Grape(s): 100% Pinot Noir
Localization: Cote de Nuits, Cote d'Or, Burgundy, France
Tasting Notes: This year was as a rainy year. However, September in Burgundy was very sunny and the harvest was carried out at the end of the month in very good conditions. A new winery and a controlled evolution of the vinifications (the first from Stéphane) have revealed this vintage; concentration, freshness, fruity.
Notes: Vines pruned in Guyot. The branches are crushed and spread on the ground to improve aeration and its microbial life. These plots have always been maintained only by plowing. Pruning, wood pulling, lifting, leaf stripping, as well as harvest are among the main works carried out by hand.
Manual harvest, maceration for 5 to 7 days, fermentation with indigenous yeasts at controlled temperature (max 33 ° C), punching down and pumping over. The aging is done for 12 months in barrels (35% new barrels, first sedimentation), racking, then 2 to 3 months of aging in stainless steel tanks, (second sedimentation), then bottled without fining and generally without filtration.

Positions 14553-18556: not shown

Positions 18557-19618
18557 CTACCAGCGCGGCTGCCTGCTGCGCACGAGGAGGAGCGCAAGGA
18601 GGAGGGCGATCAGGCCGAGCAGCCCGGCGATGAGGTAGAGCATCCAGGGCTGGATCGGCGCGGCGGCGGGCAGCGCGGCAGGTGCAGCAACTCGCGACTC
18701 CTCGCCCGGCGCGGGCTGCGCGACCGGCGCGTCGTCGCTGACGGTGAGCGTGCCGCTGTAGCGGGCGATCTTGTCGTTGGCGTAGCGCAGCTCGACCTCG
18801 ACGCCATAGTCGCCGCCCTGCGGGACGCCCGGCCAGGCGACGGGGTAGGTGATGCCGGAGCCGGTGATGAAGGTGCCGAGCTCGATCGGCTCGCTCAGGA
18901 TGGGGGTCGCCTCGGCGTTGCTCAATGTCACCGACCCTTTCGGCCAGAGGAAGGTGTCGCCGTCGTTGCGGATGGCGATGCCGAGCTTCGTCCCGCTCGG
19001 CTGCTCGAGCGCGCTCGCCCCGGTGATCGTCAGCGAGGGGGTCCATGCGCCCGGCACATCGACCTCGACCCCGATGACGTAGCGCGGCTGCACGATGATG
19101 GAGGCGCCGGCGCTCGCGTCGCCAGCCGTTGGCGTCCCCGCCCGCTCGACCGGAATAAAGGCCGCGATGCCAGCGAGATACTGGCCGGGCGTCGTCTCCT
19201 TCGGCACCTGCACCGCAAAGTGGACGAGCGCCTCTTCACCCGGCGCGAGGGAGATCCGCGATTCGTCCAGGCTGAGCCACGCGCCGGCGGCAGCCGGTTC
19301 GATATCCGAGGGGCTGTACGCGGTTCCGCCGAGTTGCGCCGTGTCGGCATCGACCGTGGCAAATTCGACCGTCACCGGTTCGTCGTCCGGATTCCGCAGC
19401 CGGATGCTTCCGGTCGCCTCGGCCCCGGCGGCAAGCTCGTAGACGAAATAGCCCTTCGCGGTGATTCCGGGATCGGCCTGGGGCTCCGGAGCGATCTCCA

The Domain: Coming from the historic center of Clos-Saint-Denis, this old plot, with a very calcareous basement, produces more millerandais grapes. Plot planted in 1971-1973.
While Morey-St-Denis might not get the same attention as its neighbors, Gevrey-Chambertin to the north and Chambolle-Musigny to the south, there is no reason why it shouldn’t. The same line of limestone runs from the Combe de Lavaux in Gevrey—all the way through Morey—ending in Chambolle.
There are four grand cru vineyards, moving southwards from the border with Gevrey-Chambertin: Clos de la Roche, Clos St-Denis, Clos des Lambrays, Clos de Tart and a small segment of Bonnes-Mares overlapping from Chambolle. Clos de la Roche is probably the finest vineyard, giving wines of true depth, body, and sturdiness for the long haul than most other vineyards.
Pinot Noir from Morey-St-Denis is known for its deep red cherry, blackcurrant and blueberry fruit. Aromas of spice, licorice and purple flowers are present in the wines’ youth, evolving to forest and game as the wine ages.